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The Uncomfortable Nexus Between Poop and Privacy

Wastewater surveillance is a valuable tool in the fight against infectious disease, but it has the potential to be used for other purposes that could further erode Americans’ trust in government. It even worries Vladimir Putin.

Flooded,Round,Sewer,Tunnel,With,Water,Reflection
An underground sewer tunnel.
(Vladimir Mulder/Shutterstock)
New York state officials struggled in mid-summer to get to the bottom of a polio outbreak. They used a time-tested approach that has gained new attention in monitoring the spread of COVID-19: collecting and analyzing samples of water containing human waste from sewage systems.

Wastewater surveillance has a long history in the battle against infectious diseases. Most recently, it has been put to work in at least eight states in tracking an outbreak of monkeypox. But it carries risks of its own, including the potential for undermining privacy and for being put to use for purposes outside of public health, such as in law enforcement — uses that, if taken too far, could further erode Americans’ trust in government.

Certainly there's no denying wastewater surveillance's value as a public health tool. Back in July, doctors in Rockland County, N.Y., diagnosed a 20-year-old man with the first U.S. case of polio in almost a decade. Public health officials wanted to get ahead of the disease so they could roll out immunizations. In the disease’s past, by the time they saw a case it was too late to protect the patient and, probably, too late to prevent polio’s spread. So state officials went looking for signs of the disease in neighboring communities — in sewage water.

They found that polio wasn’t a problem they could simply flush away. Along with Rockland County, wastewater tests found the disease in at least two other counties as well as in New York City, prompting Gov. Kathy Hochul to declare a public health emergency and take steps to ramp up vaccinations.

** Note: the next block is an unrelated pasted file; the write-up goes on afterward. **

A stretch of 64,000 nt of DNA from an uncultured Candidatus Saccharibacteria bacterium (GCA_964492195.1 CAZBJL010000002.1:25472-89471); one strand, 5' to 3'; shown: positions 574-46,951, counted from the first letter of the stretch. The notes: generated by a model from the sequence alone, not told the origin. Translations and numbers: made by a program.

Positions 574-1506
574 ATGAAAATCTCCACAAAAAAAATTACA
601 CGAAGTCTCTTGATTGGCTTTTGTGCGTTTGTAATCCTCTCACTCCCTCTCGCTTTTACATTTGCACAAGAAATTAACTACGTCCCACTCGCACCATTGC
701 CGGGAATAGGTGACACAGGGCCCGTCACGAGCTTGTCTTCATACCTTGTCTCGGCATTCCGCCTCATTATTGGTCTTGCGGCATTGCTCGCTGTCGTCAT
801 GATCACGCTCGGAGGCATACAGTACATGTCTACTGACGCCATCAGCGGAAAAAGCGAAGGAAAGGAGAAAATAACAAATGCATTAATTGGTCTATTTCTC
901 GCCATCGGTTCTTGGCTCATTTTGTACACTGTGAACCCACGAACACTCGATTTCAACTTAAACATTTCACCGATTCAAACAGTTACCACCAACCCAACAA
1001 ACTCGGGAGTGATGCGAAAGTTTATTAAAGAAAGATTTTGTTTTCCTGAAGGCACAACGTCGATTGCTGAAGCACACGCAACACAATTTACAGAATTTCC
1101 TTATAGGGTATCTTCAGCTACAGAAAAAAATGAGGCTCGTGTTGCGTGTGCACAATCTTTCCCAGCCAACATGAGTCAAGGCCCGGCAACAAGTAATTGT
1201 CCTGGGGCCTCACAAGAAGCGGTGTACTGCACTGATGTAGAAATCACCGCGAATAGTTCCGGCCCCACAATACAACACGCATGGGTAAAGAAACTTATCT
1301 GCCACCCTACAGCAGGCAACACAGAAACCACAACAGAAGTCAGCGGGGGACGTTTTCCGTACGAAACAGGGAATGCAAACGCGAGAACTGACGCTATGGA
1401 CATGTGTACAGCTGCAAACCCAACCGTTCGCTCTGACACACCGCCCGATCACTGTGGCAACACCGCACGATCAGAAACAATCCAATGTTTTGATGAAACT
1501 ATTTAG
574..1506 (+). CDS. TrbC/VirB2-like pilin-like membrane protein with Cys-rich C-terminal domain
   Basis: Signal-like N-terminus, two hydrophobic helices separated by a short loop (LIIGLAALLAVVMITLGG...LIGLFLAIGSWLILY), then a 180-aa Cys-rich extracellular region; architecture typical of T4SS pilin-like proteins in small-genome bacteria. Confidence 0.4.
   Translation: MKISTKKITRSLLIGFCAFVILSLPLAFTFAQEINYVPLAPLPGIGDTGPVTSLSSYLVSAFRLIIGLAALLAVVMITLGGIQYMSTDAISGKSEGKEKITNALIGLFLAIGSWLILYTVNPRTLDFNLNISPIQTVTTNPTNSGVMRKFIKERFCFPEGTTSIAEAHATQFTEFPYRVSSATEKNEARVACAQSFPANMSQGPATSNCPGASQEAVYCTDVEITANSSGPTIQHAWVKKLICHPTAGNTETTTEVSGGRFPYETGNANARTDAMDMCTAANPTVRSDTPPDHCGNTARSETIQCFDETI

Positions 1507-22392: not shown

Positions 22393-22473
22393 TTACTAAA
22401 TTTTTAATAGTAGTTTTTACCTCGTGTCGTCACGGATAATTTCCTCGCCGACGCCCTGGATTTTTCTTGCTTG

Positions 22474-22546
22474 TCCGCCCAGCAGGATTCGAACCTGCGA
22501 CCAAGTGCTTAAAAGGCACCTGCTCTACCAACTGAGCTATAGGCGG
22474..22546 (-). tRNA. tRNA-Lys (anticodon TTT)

Punching Back Against COVID-19


During the COVID-19 pandemic, a major and ongoing problem had been tracking the spread of the disease and its variants. Counties were the basic building blocks of the data system, but data collection was often weak, particularly in states where top officials made COVID-19 into a political wedge. Moreover, across the country, not all the counties collected COVID-19 data the same way. It was hard punching back against the disease in the dark.

Researchers at the University of California, San Diego, discovered they could detect COVID-19’s telltale RNA in wastewater throughout the campus. They collected the data and published it on a digital dashboard. On a summer afternoon in 2020, the research team detected a single positive case. Over the weekend, they tested more than 650 people living and working in the dorm and helped stop one COVID-19 outbreak in its tracks.

The success of the UC San Diego experiment led the CDC to create a new National Wastewater Surveillance System. The system funded the development of wastewater systems throughout the country, covering health departments in more than 40 jurisdictions that serve more than 16 percent of the nation’s population. The CDC estimated that at least 80 percent of the population could eventually be served by monitoring the poop and pee that flows through the nation’s sewers. Other researchers picked up the theme; the University of California, Merced, created a dashboard, aptly called COVIDPoops19, that now tracks wastewater monitoring efforts in 70 countries.
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Former MIT student Newsha Ghaeli holds the prototype of a device used in sewage systems to track and analyze a wide range of pathogens. Ghaeli went on to launch the wastewater-testing startup Biobot Analytics. (David Kidd/Governing)